Diarmuid Gavin: The vibrant crocus bulbs will blow away any winter cobwebs still lurking around
The vibrant crocus bulbs will blow away any winter cobwebs still lurking around
The stretch in the evening is noticeable and some say that February 1 marked the first day of spring. What’s certain is that despite last week’s heavy showers and strong winds, winter is gently ebbing away.
On the trees in my garden the buds are fattening and the spring flowering bulbs are pushing optimistically through some still shivering soil. A few weeks back we celebrated the first flowering bulb of the new year — the beautiful snowdrop.
But now we will embrace bulbs with vibrant colour. Among the most hardy and consistent of the spring bulbs is the crocus, a host of whom are planning their annual colourful assault. It can be too easy to take these beauties for granted. They’re not idolised like the prima donna snowdrops nor are they ego-maniacal show-offs like narcissi. However they are worthy of our attention. Why?
Well, originating from central and southern Europe and Asia, they’ve been heralding the spring throughout these islands since the days of the Roman Empire. They don’t twerk like Miley, or trumpet like a tête á tête, their petals aren’t embossed with seductive marking like some fritillaries, but through sheer dint of providing a damn good show, they’ve earned a special place in the hearts of Irish gardeners.
When used en masse, an ordinary lawn can be transformed into a carpet of sumptuous gold and purple, woven into a tapestry of jewel-like flowers that bring much needed colour back into our wintry gardens. As a young horticultural student studying in Dublin’s Botanic Gardens, I marvelled at what seemed like acres of these beauties in the turf and under the canopy of large trees.
So, what should we look for when planning our crocus invasion? A good start is to scatter handfuls of crocus tomassinianus which are best for naturalising. Crocus ‘Barr’s Purple’ and ‘Ruby Giant’ have rich colours. Again, plant in drifts in the autumn about four inches deep. If they’re happy they will multiply and form a carpet.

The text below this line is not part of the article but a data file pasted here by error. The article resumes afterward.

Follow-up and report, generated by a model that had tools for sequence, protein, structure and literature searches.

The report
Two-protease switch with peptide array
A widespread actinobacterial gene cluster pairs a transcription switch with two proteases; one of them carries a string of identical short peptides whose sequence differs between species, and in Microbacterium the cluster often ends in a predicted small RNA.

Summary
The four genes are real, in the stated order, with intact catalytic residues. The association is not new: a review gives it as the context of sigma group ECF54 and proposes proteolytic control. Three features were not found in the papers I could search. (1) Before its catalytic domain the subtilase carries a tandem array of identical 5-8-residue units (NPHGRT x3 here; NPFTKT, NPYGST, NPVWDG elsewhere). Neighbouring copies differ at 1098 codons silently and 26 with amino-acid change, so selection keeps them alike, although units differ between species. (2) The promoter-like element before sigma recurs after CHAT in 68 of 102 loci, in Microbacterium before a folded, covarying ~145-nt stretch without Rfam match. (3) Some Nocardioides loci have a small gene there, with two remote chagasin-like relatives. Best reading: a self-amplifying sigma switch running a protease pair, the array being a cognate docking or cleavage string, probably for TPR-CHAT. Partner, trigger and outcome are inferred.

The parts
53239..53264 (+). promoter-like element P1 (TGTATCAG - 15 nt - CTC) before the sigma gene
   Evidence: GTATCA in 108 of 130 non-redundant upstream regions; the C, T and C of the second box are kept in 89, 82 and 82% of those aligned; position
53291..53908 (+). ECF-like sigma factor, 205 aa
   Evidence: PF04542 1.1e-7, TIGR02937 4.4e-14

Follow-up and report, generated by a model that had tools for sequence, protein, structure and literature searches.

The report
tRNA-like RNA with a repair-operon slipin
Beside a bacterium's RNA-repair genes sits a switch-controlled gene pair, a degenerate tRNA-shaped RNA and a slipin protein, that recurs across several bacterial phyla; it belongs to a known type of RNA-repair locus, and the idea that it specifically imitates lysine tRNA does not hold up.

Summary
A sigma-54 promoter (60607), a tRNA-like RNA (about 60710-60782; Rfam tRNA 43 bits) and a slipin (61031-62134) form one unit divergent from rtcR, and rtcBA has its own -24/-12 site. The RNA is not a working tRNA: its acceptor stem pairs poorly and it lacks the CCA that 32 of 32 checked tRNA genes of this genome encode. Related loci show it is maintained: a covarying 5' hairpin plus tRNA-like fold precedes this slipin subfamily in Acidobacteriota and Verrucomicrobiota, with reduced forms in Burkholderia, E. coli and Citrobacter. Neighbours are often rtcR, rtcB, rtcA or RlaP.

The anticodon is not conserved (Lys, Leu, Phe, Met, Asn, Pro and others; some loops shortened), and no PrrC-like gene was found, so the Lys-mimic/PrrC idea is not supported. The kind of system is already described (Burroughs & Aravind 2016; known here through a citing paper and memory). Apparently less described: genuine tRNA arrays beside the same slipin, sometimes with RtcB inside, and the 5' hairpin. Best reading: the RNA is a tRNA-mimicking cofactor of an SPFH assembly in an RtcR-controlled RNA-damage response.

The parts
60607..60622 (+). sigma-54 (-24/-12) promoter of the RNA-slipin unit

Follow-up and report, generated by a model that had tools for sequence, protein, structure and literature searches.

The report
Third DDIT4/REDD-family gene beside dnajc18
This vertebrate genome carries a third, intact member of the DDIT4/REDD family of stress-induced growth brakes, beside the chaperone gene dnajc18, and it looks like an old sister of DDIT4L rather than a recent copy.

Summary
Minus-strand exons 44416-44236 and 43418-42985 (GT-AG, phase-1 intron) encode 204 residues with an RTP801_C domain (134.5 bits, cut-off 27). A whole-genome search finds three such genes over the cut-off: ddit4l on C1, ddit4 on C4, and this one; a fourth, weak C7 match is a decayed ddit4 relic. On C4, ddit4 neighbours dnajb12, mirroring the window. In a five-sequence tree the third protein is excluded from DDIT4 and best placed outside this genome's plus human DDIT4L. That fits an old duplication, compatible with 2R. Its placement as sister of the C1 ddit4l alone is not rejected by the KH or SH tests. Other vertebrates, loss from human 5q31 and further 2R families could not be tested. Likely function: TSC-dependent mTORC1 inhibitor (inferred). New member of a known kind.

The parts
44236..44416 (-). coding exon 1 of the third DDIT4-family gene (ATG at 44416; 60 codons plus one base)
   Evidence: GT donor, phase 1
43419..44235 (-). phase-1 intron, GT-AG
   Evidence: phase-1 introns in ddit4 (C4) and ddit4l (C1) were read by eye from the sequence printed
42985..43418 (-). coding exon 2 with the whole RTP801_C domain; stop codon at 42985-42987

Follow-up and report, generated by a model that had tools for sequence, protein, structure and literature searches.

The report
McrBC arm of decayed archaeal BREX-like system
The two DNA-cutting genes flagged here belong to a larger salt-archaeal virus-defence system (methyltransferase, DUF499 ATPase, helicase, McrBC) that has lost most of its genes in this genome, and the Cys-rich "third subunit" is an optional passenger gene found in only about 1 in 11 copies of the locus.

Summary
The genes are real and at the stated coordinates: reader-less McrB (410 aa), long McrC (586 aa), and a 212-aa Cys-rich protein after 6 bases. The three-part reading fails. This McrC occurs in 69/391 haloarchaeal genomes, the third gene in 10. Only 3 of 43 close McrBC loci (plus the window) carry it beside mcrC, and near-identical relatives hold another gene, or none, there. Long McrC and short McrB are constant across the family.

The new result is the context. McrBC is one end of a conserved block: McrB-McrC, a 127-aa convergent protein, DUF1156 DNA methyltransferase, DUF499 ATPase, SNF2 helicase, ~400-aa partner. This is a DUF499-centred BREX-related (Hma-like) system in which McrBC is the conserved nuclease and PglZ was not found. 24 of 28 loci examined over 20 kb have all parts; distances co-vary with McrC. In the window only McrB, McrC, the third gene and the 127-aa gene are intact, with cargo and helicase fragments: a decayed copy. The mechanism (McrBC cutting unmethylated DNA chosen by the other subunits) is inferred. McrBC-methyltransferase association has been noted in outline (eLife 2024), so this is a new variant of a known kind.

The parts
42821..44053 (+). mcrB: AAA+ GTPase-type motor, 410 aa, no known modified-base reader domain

If you’re planting crocus or other small early flowering bulbs in a lawn, dig your spade in at a right angle, raise the flap of turf, pop the bulbs in, and back cover gently with the turf. A final neat mow of the lawn in autumn should ensure that the grass will be still short enough to display the bulbs to their advantage at this time of the year.
Ideally, if you want the crocus to spread you will have to live with some shaggy turf in early spring and refrain from mowing the grass until late April or even May. This will allow the leaves of the crocus time to photosynthesise and gather enough energy for next year’s display. Mice and other rodents can be a problem — squirrels find crocus irresistible. One protection method is to cover the planted bulbs in some chicken wire, then cover with soil.
These understated beauties also make good container plants — single varieties, jam-packed, will make a pleasing window display or brighten up the doorstep. The Dutch crocus, crocus vernus, tend to be the bigger, showier varieties; for example, Jeanne D’Arc has beautiful white goblet flowers or Yellow Mammoth is a lively, vibrant specimen.
If scent is one of your top requirements, then try crocus chrysanthus, the golden crocus which is fragrant. Zwanenburg Bronze, also fragrant, has beautiful golden leaves, marked with bronze. But I think the prettiest of all is C. tricolour, which has lovely open flowers in a combination of lilac, white and yellow.
Ideally, crocus like sunny, well-drained soil. However they will flourish under deciduous trees as their canopy only develops long after the crocus has flowered. Rock gardens are an ideal habitat so long as you don’t mind them popping up randomly throughout. You’ll also be keeping the bees and other insects happy as they are a very good source of early pollen and nectar in the garden.
And did you know that crocus is the source of saffron, the most expensive spice in the world? It’s obtained from the dried stigmas of crocus sativus (left). Each flower contains only three stigmas which need to be removed and dried. It takes over 100,000 flowers to produce a pound of saffron. It has been cultivated for thousands of years for its use not only as a spice, but also as a perfume, dye and for medicinal purposes. These bulbs flower in autumn, so unlike the spring-flowering crocus, they should be planted from July to September in lovely fertile soil — possibly making an interesting addition to your veg and herb patch. This will certainly be a less expensive alternative to buying in the shops. Imagine the bragging power of growing your own saffron? I bet few of our celebrity chefs can boast of that.